The Scottish Law Commission’s report on cohabitants in Scotland has now been published
What does it recommend and what does it mean for cohabitants in Scotland?
We explained in our previous Insight article on 19 October 2022 that the Scottish Law Commission’s Aspects of Family Law Project were reviewing the law in relation to cohabitation. The Commission’s report with their recommendations and the Cohabitants (Financial Provision) (Scotland) Bill was published on 2nd November 2022. It is now before the Scottish Parliament with the Scottish Ministers for their consideration.
We explained previously that Scotland already has specific legislation in place for cohabitants contained in Section 26 – 29 of the Family Law (Scotland) Act 2006. We outlined what the current law is and what we considered the likely proposed reform may be. Were we on the right track?
Recommendations within the report
We had anticipated that the report would recommend changes to:
- the definition of a cohabitant
- the current time limit for making applications
- whether there would be an option to order transfer property from one cohabitant the other
- the method of how to calculate any claims.
All of these have been covered by the report and recommendation made. There are also additional recommendations made in relation to sections 25 – 28 of the Act. We will focus on the following:
The definition of a “cohabitant”
Currently a cohabitant is defined in section 25 of the Act as “a man and woman who are (or were) living together as husband and wife” or “two persons of the same sex who are (or were) living together as civil partners”. We are not surprised to learn that the report recommends that we step away from comparing cohabitants to spouses and civil partners and instead define them as “one of two persons who are or were living as a couple in an enduring family relationship”
The report suggests that in order for the court to determine if a couple is in an enduring family relationship, the court must have regard to all the circumstances of the relationship, including the duration of the relationship, the extent to which they live (or lived) together, the extent to which they are (or were) financially interdependent and whether the couple have a child or a child who is (or was) accepted as a child of their family.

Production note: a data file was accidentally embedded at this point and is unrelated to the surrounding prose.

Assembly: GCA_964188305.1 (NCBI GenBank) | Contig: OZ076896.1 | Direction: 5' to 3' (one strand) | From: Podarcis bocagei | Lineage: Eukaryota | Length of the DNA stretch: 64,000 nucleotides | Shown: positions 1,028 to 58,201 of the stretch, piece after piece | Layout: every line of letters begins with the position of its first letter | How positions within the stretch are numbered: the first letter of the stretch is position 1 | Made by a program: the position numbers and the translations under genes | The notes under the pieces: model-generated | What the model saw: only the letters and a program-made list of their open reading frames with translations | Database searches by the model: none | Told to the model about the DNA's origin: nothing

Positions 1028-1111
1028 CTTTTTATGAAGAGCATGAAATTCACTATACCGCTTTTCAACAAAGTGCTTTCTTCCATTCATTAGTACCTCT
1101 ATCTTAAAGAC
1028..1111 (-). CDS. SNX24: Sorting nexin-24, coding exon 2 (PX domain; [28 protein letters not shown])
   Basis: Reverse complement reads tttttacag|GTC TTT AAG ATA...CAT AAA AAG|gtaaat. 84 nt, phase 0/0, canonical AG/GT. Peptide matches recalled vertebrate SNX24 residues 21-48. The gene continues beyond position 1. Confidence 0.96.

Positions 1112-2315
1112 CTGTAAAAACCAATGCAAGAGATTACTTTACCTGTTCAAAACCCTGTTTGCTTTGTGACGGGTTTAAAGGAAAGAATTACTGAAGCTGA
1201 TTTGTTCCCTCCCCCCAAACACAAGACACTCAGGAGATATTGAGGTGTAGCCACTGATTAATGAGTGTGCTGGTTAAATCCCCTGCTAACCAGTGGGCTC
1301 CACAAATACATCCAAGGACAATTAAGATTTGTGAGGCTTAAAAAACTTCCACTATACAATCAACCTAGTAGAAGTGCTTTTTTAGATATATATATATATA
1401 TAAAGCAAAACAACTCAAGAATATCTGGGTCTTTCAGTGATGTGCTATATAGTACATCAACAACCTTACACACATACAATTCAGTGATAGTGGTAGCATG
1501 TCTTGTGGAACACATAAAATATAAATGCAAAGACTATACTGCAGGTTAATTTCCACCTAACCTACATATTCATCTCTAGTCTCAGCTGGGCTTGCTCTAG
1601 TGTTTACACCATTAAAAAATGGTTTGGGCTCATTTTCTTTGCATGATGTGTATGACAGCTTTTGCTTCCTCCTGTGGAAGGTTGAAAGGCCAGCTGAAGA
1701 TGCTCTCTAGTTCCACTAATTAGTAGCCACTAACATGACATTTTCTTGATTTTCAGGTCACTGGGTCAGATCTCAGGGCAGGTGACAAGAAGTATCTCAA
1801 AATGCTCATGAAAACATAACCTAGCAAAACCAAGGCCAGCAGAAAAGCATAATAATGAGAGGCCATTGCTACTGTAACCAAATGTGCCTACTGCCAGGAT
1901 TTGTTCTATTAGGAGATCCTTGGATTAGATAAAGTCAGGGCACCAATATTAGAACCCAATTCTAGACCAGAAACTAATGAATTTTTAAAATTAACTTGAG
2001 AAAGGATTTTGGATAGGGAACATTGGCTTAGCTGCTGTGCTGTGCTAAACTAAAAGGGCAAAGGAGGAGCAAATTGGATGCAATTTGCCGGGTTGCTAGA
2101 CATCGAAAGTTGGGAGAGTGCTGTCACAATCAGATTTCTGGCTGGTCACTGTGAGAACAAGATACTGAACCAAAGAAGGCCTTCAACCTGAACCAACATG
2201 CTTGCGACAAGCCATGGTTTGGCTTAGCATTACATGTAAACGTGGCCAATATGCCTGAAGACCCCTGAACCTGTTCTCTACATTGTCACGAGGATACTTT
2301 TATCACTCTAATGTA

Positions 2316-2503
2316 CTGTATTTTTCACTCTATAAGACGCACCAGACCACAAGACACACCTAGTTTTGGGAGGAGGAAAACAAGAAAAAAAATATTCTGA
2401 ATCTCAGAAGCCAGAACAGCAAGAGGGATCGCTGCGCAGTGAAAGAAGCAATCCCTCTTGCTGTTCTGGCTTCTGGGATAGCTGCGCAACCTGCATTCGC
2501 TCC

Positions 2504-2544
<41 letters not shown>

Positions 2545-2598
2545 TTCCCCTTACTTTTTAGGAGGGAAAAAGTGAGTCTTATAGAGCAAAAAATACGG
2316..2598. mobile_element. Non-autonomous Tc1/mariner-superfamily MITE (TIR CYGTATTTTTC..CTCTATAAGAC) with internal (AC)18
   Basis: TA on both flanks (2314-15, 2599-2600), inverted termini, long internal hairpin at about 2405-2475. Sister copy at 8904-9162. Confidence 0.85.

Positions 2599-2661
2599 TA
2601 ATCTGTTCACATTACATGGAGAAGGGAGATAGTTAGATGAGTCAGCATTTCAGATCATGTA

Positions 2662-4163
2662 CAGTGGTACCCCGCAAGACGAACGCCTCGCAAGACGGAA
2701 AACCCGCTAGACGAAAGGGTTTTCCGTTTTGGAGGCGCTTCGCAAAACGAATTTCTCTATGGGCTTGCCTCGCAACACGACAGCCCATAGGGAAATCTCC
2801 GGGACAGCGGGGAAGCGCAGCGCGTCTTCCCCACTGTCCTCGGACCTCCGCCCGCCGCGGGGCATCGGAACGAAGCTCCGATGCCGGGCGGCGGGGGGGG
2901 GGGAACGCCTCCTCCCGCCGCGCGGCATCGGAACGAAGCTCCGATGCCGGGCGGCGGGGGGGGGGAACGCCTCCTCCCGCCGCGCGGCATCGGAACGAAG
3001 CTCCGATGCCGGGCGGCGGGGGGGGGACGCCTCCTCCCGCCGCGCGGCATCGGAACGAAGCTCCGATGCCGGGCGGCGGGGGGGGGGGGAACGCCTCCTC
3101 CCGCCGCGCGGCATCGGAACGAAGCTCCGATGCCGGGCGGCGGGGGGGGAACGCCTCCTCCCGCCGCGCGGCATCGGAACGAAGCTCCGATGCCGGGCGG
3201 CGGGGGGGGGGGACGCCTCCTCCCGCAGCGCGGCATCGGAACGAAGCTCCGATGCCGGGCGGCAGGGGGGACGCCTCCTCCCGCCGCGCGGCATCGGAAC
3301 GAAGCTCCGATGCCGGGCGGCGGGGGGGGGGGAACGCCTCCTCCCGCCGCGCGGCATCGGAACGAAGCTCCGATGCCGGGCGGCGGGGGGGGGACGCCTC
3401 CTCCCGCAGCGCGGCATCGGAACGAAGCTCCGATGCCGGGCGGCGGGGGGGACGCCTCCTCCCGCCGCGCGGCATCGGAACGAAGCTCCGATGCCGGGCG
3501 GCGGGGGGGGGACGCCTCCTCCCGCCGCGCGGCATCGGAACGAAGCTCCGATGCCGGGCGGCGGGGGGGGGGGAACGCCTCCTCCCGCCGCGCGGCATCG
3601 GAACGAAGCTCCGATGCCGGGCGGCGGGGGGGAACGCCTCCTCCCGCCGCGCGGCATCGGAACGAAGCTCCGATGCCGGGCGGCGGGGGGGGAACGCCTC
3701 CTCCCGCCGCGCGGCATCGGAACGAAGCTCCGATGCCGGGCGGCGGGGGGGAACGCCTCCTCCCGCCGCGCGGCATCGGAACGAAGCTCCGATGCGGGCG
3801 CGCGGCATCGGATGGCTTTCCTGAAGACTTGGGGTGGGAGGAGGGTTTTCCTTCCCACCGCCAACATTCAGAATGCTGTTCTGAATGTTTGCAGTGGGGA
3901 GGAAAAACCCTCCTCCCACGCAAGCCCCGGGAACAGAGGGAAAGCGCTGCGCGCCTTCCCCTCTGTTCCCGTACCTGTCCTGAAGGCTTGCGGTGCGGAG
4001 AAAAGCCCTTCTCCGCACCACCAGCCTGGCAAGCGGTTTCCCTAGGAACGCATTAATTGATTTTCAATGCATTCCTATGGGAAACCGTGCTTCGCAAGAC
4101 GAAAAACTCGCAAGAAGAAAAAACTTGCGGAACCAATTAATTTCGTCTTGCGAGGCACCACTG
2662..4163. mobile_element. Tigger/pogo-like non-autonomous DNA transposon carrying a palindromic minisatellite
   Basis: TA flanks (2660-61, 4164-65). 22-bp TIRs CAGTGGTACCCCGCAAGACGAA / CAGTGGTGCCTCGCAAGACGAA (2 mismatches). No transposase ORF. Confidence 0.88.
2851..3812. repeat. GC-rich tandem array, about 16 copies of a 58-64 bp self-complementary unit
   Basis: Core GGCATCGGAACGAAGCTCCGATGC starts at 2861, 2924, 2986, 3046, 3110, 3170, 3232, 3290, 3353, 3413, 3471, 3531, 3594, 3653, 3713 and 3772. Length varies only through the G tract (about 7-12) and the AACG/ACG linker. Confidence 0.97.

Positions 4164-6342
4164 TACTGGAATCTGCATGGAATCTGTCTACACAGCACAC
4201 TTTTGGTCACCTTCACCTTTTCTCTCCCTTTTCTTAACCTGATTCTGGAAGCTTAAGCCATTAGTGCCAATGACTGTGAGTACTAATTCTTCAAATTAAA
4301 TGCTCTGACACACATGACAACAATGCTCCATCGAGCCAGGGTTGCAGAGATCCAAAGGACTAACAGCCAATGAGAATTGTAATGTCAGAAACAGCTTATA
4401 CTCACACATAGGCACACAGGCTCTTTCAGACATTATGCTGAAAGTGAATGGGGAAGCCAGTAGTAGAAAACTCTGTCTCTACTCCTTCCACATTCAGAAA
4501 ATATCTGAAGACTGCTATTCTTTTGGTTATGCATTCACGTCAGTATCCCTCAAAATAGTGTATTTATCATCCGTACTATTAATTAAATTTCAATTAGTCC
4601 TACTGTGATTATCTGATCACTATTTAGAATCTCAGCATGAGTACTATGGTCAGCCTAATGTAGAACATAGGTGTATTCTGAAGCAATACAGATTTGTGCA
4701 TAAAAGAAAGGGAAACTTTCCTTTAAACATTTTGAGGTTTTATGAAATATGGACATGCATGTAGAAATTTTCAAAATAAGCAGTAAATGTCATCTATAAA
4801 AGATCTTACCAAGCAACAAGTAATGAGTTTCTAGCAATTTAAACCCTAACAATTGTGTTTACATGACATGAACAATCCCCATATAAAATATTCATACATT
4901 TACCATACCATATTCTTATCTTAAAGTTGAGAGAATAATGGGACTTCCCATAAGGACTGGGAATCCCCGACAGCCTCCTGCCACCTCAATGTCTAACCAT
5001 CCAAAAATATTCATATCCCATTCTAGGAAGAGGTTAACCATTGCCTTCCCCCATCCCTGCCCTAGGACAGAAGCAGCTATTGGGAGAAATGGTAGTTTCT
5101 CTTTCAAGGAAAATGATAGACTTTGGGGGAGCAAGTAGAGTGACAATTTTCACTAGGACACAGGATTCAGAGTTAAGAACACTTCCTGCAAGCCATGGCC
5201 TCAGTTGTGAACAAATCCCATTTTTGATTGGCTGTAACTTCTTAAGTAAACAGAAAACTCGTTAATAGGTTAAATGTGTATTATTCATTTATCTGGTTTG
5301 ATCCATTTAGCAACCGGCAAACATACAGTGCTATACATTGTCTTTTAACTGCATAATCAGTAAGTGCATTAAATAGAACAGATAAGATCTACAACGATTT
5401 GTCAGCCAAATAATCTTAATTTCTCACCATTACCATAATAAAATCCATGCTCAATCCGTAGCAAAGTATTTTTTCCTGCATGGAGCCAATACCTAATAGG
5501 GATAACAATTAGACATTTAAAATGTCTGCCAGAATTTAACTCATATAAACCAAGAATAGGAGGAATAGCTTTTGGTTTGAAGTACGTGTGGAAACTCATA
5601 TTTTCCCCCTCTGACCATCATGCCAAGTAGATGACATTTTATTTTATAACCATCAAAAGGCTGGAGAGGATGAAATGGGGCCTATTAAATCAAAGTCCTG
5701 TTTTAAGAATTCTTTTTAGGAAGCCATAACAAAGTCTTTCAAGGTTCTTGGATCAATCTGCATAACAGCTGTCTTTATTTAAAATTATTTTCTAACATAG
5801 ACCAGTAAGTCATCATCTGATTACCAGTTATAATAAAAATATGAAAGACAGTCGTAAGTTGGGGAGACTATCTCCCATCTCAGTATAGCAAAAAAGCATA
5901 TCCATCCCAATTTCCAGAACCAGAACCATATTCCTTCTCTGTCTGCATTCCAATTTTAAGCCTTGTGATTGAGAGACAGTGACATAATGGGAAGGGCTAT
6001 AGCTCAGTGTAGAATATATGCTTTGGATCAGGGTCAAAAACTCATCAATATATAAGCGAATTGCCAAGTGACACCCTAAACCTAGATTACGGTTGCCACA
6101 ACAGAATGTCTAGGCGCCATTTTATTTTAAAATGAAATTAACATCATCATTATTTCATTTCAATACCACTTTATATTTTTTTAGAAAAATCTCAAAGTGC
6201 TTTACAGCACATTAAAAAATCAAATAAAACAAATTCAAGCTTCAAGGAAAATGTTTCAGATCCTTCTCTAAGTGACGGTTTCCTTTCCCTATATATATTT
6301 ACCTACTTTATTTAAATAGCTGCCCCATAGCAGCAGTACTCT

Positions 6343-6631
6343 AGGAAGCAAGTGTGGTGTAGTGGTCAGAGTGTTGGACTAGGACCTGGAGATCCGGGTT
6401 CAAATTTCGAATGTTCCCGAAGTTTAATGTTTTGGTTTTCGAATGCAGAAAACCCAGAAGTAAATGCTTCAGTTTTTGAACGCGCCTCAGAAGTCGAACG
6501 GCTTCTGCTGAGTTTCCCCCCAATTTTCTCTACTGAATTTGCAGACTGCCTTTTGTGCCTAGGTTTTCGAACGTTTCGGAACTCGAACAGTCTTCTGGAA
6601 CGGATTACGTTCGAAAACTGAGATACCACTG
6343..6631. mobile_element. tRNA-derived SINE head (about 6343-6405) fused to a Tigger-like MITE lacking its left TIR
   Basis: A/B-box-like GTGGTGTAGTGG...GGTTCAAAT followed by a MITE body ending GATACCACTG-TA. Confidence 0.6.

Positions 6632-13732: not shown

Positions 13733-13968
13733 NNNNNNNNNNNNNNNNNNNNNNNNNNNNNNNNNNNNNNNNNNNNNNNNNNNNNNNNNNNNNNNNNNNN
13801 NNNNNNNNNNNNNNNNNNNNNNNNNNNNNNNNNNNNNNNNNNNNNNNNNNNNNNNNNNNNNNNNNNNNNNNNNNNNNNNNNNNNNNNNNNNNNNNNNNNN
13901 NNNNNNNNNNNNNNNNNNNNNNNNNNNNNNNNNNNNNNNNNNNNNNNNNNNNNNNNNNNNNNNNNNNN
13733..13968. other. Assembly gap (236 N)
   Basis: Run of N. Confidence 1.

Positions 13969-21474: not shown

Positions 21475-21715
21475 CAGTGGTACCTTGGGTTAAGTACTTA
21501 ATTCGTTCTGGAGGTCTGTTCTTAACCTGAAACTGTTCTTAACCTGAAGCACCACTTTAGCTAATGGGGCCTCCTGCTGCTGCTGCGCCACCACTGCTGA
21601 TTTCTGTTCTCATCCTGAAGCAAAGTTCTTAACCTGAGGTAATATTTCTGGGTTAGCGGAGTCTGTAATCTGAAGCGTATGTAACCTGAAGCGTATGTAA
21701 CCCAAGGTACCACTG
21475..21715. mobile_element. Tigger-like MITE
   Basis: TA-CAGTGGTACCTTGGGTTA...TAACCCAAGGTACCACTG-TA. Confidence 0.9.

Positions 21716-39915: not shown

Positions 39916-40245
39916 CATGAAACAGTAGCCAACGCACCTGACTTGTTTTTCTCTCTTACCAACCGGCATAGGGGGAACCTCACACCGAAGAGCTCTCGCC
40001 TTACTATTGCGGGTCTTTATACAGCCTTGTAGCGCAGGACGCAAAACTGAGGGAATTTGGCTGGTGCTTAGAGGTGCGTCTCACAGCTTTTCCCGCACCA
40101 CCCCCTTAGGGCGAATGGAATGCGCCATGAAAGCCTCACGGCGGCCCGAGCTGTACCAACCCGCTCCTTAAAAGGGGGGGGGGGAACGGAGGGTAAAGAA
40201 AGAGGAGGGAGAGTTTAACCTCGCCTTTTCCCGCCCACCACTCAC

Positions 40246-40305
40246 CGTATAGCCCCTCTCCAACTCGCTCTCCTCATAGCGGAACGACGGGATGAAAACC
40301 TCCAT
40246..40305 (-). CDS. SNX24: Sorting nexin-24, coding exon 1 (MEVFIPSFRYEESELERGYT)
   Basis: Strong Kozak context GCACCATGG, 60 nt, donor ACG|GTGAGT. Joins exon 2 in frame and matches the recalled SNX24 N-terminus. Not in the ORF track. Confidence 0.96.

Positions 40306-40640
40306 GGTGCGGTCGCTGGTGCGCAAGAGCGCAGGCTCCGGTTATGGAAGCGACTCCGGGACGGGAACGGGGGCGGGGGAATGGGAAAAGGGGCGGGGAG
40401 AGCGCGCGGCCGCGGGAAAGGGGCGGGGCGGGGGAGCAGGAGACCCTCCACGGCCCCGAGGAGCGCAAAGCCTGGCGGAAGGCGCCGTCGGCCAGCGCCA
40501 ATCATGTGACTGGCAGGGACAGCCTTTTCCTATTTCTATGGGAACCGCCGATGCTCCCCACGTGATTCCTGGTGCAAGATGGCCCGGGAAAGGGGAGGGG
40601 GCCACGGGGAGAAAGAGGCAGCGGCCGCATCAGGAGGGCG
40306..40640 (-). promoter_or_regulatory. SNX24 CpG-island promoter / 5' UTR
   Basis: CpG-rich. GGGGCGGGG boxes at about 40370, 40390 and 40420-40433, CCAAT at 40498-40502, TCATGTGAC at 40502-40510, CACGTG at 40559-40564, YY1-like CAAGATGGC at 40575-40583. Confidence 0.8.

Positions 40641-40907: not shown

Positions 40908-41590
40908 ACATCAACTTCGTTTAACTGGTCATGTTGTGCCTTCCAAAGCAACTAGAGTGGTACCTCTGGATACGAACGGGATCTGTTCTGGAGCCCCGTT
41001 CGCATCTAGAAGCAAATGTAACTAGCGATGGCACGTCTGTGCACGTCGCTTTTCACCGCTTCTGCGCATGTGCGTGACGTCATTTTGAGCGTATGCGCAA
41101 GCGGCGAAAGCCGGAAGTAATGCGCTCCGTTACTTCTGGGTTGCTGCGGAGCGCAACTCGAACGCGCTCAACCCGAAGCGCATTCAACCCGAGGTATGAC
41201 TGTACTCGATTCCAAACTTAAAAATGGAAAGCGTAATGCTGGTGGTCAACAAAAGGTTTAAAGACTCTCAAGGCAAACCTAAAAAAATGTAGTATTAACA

The issue of time bar be reviewed
Cohabitants currently have one year from the cessation of cohabitation to “make an application” against their ex-partner. We considered that there may have been a recommendation that this time limit be extended or removed all together, given that no such limit exists for spouses or civil partners who separate.
The report recommends that the time bar for raising an application remain as one year. However, the court can consider a late application “on cause shown” for a period of up to two years following the cessation of cohabitation. We will need to wait and see what “on cause shown” will mean in reality.
In addition, cohabitants themselves can agree to extend the one year time frame by six months in order to negotiate a settlement between them.
Additional order for financial provision
The law as it stands does not allow for cohabitants who jointly own a heritable property to seek transfer of title of that property from joint names into their sole name upon separation. There is now a recommendation that, when making an order for financial provision, a court can allow property transfer orders.
In addition the report also recommends that the court can make:
- orders for the short-term relief of serious financial hardship for a maximum period of six months from the date of the order;
- incidental orders including for a property to be valued and sold; regulating occupancy of the family home and for use of its contents and liability for outgoings pending sale or transfer;
- interim orders;
- ancillary orders for financial provision
How to calculate any claims
We previously highlighted that there is currently no provision on how to calculate financial claims for cohabitants, in the same way that there is for separating spouses or civil partners, and that there is reference in the case law to “fairness” and to a “rough and ready approach”.
The report proposes a new test for the court to apply to ensure that orders are justified when applying their set of guiding principles, and reasonable having regard to the resources of the cohabitants.
Option to set aside or vary agreements
Whilst the reports seeks to distinguish cohabitants from spouses and civil partners – in terms of their definition - they have recommended that cohabitants have better protection, similar to spouses and civil partners and that they can seek similar remedies such as an order to set aside or vary cohabitation agreements (an agreement for financial provision) if the agreement or its terms were not fair and reasonable at the time they were entered into.
In our view, the most significant recommendations are for the amendment of the definition of “cohabitant”, the option for additional financial remedies upon cessation of the cohabitation including seeking a transfer of property and the recommended test.
What will happen next?
The report and draft Bill will now be considered by the Scottish Ministers. It is not known how long that process could take, if they will in fact choose to amend the current law and, if so, to what extent.
In the meantime, our Scottish team of experienced family lawyers are here to continue to advise our clients about the current law and about how we can help protect your interests now and in the future. Our colleagues in our English offices can also offer expert advice in England.